Two things I like to do in Git never get along.
Work on a development branch and then merge changes into master when they're ready to go to production.
Use interactive rebase to keep my repo's history clean.
The problem came when I would merge some code from dev into master, realize I had made a mistake, and then go back to dev to make the change.
I wanted to interactive rebase to combine my original (but not quite right) commit with the change I made to fix my mistake.
But when I did this and then tried to merge that combined commit back into master, it either created a merge conflict–if the same piece of code changed in different ways in each commit–or a merge commit.
Either way, the whole point is to clean up the history, not have to make another garbage commit.
I finally understood was going on after allowing it to happen way too many times.
Usually merging is smooth because I update my dev branch from master before starting new work. So each commit inherits from HEAD on master, and when I merge them back into that branch, it only needs to fast-forward.
But in this situation, after the fast-forward happens, and HEAD is the same for master and dev, I've gone back into my dev branch and gotten rid of that HEAD commit by interactive rebasing.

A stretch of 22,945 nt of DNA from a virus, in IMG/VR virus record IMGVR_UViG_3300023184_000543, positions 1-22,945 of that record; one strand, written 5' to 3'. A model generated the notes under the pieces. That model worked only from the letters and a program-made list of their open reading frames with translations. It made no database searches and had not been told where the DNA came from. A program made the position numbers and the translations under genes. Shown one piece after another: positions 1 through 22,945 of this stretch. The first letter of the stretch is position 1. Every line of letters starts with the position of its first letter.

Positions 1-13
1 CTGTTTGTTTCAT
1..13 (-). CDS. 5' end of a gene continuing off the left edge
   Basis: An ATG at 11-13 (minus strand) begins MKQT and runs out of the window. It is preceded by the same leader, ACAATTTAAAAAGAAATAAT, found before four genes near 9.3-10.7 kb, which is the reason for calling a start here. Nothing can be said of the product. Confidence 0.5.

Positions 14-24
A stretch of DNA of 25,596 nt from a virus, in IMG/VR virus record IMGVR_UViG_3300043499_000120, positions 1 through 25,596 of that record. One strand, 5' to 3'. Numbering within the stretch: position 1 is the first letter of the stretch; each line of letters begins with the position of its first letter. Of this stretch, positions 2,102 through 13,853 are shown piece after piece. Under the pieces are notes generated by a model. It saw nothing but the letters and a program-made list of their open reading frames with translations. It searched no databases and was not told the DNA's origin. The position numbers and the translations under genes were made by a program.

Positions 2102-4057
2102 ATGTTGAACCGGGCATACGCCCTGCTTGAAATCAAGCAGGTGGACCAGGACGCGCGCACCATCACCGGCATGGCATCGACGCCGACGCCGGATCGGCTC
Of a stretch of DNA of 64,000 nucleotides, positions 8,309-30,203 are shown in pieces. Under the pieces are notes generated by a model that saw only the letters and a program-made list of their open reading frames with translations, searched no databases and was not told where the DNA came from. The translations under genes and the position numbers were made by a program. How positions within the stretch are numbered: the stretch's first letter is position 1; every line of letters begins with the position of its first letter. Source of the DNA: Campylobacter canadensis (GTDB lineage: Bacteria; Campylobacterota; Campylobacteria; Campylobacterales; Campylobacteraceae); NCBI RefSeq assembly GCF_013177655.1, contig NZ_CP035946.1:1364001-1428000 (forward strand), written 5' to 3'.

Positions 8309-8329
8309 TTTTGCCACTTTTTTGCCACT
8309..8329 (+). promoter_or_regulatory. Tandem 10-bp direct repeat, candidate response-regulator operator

My dev branch now has no knowledge of the commit that's still HEAD on master, so the new interactively-rebased commit can't possibly inherit from it.
It stands to reason that when I try to merge this new commit into master, Git sees that the paths have diverged, and a merge commit of some kind will be necessary.
Now that I see what is causing the problem, the solution becomes easy.
After interactively rebasing on dev, I switch to master and do a hard reset, rolling back any commits I've made since the last merge.
Another way to explain it is that I'm resetting the master branch so that HEAD becomes the same commit that my rebased commit on dev inherits from. After all, any code that was in those commits is still present on dev, if I haven't changed it in subsequent commits.
Now when I merge from dev into master, the branch can fast-forward again. Of course, I also have to force-push when I want to send my code up to Github, plus if I've already pulled the code down somewhere else, I have to reset the branch there too, if I don't want a merge conflict.
Maybe a lot to worry about for cleaner history, but I think it's worth it. That's a debate for another day.
Anyway, this seems obvious to me now, but that's only because I've been making more of an effort to improve my mental model of how Git operates.
If you need to do that, I highly recommend reading the first few chapters of the Pro Git book. You may find mysterious Git behavior becoming slightly less mysterious.
Another great resource for solving common but oblique Git problems is Oh Shit Git.